Article By: June Yee
The costs of caregiving bear out the fact that growing old can carry real financial burdens. Recent innovations in the financial services industry underline concerns about paying these costs. Critical illness insurance and long-term care insurance as well as a more recent innovation, the so-called “nursing care” annuity, are touted as ways to lessen the financial stress of aging.
But these products aren’t available to everyone. “What happens to people who are going to a nursing home today? It’s not going to help them to buy a long-term care policy. Somebody who’s got cancer or needs a bypass – they can’t buy a critical illness policy,” says Daniel Kahan, an actuary in Toronto and a staunch supporter of viatical settlements.
Accessing life insurance equity
Viatical arrangements represent an income alternative that’s rooted in insurance but dramatically different from our traditional perception of life insurance. In a viatical settlement (the term viatical is rooted in the Latin viaticum, referring to supplies or money for a journey), the policyholder sells the death benefits of the life insurance policy at less than face value to a third party; the buyer-investor keeps up premium payments and is entitled to the full death benefit when the policyholder dies. The policyholder gets cash up front, and the investor’s return is based on the amount paid for the policy and the time that passes before collecting the death benefit.
“Somebody who is 80 years old and has been paying their premiums for 20 years needs to go into a nursing home. Eventually, when they die, their estate gets the money, but they need the money now,” says Kahan. “Why not allow a mechanism where they can convert that equity into cash with an income stream?”
Kahan had hoped changes to the Ontario Insurance Act in December 2000 as part of that province’s Red Tape Reduction Act would allow viatical business. But nervous politicians nixed the new rules at the last minute, saying that viaticals wouldn’t be allowed until proper regulations were in place. In July 2001, the Financial Services Commission of Ontario (FSCO) issued draft regulations, asking for comments.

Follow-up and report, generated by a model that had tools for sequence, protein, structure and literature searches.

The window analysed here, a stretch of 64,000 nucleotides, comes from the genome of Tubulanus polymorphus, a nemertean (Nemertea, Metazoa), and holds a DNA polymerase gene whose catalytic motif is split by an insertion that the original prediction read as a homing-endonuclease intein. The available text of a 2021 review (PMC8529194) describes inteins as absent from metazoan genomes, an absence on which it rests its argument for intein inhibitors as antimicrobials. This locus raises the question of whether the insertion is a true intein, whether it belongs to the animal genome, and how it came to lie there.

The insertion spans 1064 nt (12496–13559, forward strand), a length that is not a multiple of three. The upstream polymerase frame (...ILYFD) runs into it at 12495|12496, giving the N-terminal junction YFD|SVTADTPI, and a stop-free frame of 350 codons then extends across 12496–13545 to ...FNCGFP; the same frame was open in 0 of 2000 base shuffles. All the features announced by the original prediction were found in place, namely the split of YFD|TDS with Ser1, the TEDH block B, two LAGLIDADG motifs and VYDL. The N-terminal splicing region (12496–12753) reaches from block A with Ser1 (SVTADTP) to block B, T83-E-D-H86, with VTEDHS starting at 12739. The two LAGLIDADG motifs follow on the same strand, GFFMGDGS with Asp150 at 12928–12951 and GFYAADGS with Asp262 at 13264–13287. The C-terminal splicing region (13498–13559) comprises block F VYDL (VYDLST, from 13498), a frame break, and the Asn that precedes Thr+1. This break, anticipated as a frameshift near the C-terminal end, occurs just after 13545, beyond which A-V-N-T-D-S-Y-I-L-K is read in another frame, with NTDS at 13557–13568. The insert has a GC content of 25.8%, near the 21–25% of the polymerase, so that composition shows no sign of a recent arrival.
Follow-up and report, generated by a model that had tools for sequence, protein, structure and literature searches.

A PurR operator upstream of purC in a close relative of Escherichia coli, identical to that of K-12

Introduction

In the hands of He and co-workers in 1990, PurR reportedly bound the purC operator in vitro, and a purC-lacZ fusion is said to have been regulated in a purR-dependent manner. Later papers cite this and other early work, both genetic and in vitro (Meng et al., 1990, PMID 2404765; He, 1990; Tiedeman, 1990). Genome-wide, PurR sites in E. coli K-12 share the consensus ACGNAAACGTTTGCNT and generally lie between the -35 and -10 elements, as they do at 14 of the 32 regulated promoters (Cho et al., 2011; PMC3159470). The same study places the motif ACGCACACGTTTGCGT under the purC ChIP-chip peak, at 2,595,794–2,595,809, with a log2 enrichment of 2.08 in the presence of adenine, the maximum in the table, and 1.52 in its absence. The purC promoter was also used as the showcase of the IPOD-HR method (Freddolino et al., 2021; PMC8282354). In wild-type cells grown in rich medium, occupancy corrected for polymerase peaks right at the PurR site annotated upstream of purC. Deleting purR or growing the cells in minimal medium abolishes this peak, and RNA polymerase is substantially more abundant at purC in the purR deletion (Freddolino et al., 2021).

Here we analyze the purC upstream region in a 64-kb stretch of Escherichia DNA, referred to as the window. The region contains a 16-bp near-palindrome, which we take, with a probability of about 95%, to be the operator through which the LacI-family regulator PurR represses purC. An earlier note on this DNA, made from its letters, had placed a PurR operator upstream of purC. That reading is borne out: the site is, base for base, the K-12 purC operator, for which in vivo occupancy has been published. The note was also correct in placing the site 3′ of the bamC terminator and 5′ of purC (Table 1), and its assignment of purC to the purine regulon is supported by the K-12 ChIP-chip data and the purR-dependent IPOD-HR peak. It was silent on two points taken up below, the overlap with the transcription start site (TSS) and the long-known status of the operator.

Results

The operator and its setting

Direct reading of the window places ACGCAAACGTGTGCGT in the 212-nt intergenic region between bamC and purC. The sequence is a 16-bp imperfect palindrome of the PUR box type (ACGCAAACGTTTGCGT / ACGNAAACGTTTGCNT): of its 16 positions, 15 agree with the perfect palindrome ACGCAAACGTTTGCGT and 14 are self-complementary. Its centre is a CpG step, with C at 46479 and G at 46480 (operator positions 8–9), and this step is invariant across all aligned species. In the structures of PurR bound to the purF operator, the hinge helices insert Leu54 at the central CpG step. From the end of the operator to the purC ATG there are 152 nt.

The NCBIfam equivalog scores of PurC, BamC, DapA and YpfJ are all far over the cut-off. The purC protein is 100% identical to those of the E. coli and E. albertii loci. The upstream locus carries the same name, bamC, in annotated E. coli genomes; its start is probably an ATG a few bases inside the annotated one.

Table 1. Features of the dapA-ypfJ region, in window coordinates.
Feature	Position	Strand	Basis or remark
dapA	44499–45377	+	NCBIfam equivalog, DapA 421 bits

Opponents of viatical settlements cite widespread fraud in the United States, where viatical settlements are a booming business, as a reason for caution – or not at all (see “Fraud Cuts Both Ways,” page XX). Proponents of viaticals, however, say fears are unfounded and that it’s unfair to refuse policyholders, some needy, the right to sell their policies.
Currently, third-party trade in insurance policies continues to be prohibited in all provinces and territories except Nova Scotia, New Brunswick, Saskatchewan, and Quebec. In the provinces where they are legal, lack of regulation means a lack of protection.
The key issue in the draft regulations is how to control the abuses that have characterized the U.S. viatical industry to date. Among the key questions are: who should be allowed to conduct business in viatical settlements; should viatical settlements be limited to only the terminally ill; how long a life expectancy should be stipulated as a condition of viaticating a policy (draft rules call for a two-year limit); and, not least, just who will regulate the industry.
Interested parties are watching Ontario these days. The bulk of life insurance policies in Canada reside in this province, and regulations governing viaticals are on the drawing board.
Seniors a prime market
Where viatical settlement business is legal, seniors are a growth area. The so-called “senior settlements” business, which has little to do with being terminally ill but everything to do with being old, has sprung up as a niche within the viatical industry. It’s a sound business concept, according to Victor Lansdown, who operates Life Source and Associates Inc., a Montreal company that buys life insurance policies. “It [the insurance policy] is a time-valued instrument. The healthy seniors, all they have against them is their age.” In other words, the older you are, the shorter your life expectancy, and the more you can expect to get when you sell your policy. “Seldom are we able to assist a person with a life expectancy of 12 years, for example. The majority would be 10 years [or less].”